The Earth Life Science Institute (ELSI) will hold the 5th ELSI International Symposium Public Lecture on January 11, 2017.
Main Title: We Don't Know "How We Began" - Quest of Astrobiology for Origin of Life -
Dr. Kosuke Fujishima (ELSI, Tokyo Institute of Technology, and NASA's Ames Research Center) and Dr. Lynn Rothschild (NASA's Ames Research Center) will explore the world of astrobiology for origin of life through their talk.
Simultaneous interpretation (Japanese and English) will be provided.
||Wed, January 11, 2017, 7:00pm- 8:30pm (Doors open at 6:30 p.m.)
||Kuramae Hall, Tokyo Tech Front, Tokyo Institute of Technology
(Across from the central ticket gate of the Ookayama station
on Tokyu Line)
|| Free (Prior Registration Required: first 150 people)
Japanese/English (Simultaneous Interpretation)
Prior registration required at the Peatix Website (external site)
150 200 people) *added 50 people(Dec. 22)
*Please note that this event will be streamed online.
*The planned online streaming of this event has been cancelled. We apologize for the inconvenience.
*Please understand that the simultaneous interpreting equipments are limited in number.
Title: A tale of Origin of Life spun by two polymers
Speaker : Kosuke Fujishima (ELSI, Tokyo Institute of Technology, NASA Ames Research Center)
Astrobiology is an interdisciplinary research field coined by NASA in the 90's aiming to tackle the questions of origin, distribution and future of life in the universe. It is a fundamentally fascinating and interdisciplinary challenge to understand how life originated in this universe, and ultimately redefining to our perspective towards "what is life". The two essential features of life as we know it are "Harvesting Energy from environment" and "Evolvability", which are sustained by through chemical reactions governed by amino acid polymer (protein) and information storing nucleotide polymer (DNA/RNA). I will provide a story of these two polymers with regards to the latest approaches in the Origin of Life research.
Kosuke Fujishima is an EON research fellow at Earth-Life Science Institute (ELSI), Tokyo Institute of Technology and a visiting scientist at NASA Ames Research Center. His research is centered on using synthetic biology as a toolkit to tackle fundamental questions of Astrobiology. Research focus includes Origin of life, mission concept for life detection on Enceladus, and developing synthetic microbes for Mars settlement.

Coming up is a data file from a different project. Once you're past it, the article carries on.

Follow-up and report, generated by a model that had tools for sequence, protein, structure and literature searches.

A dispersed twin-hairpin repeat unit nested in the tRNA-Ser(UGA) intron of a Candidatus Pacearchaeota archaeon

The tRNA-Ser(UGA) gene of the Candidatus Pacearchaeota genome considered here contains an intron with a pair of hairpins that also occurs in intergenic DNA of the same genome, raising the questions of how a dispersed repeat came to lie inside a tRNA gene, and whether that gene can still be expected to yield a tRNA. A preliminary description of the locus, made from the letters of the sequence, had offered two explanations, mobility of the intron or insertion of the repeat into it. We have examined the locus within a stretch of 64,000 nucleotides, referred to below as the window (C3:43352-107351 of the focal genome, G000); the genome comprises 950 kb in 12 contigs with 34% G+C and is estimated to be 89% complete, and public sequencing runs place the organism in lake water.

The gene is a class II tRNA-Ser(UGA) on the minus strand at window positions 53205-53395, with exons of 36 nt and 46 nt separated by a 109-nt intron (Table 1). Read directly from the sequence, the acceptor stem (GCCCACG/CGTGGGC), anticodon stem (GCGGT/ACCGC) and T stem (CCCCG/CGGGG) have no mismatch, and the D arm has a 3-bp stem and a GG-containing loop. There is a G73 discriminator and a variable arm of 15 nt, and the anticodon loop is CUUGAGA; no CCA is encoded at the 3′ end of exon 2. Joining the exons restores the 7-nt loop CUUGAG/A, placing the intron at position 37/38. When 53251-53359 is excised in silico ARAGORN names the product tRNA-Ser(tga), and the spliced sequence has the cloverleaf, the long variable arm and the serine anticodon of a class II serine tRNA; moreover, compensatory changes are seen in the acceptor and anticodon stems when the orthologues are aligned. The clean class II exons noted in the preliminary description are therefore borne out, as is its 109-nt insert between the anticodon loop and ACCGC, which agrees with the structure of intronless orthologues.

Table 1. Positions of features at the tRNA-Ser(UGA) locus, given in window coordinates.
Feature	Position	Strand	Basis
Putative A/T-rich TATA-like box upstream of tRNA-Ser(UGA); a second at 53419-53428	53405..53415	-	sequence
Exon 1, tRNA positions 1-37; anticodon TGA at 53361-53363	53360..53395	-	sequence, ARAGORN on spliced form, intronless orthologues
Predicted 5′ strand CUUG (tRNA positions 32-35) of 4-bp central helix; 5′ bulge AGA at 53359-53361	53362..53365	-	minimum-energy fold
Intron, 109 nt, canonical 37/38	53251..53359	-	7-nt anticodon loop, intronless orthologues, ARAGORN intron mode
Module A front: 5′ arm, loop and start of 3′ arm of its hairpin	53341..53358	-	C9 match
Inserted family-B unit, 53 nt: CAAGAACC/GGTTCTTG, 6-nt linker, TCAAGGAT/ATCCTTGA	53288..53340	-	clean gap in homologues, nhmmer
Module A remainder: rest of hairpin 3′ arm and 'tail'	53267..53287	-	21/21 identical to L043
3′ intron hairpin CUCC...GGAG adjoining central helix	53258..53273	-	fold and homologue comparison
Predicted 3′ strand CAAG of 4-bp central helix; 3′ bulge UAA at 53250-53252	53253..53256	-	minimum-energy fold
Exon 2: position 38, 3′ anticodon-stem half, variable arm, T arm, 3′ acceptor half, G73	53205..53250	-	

Earth-Life Science Institute | Reseachers | Kosuke Fujishima
WIRED Audi INNOVATION AWARD (external site, *sorry, Japanese page only)
Title: Are we alone? The search for life in the universe
Speaker: Lynn Rothschild (NASA Ames Research Center)
Each report of liquid water existing elsewhere in the solar system has reverberated through the international press and excited the imagination of humankind. We have come to realize that where there is liquid water on Earth, virtually no matter what the physical conditions, there is life. Dr. Lynn Rothschild, an evolutionary biologist known for her work on life in extreme environments and a founder of the field of astrobiology, tells us about intriguing new data. The prevalence of potential abodes for life in our solar system and beyond, the survival of microbes in the space environment, modeling of the potential for transfer of life between celestial bodies, and advances in synthetic biology suggest that life could be more common than previously thought. Are we truly alone?
Lynn Rothschild is a senior scientist NASA Ames Research Center as well as and Adjunct Professor at Brown University, and the University of California Santa Cruz. Her research has focused on how life, particularly microbes, has evolved in the context of the physical environment, both here and potentially elsewhere. Her lab will be begin to move these plans into space in the form of the PowerCell synthetic biology secondary payload on a DLR satellite, EuCROPIS, scheduled to launch in July 2017. In 2015 she was awarded the Isaac Asimov Award from the American Humanist Association, and was the recipient of the Horace Mann Award from Brown University.
NASA Planetary Science Division | People | Lynn Rothschild
A2poster.pdf (4C, 2.3MB)
A4flyer.pdf (4C/1C, 3MB)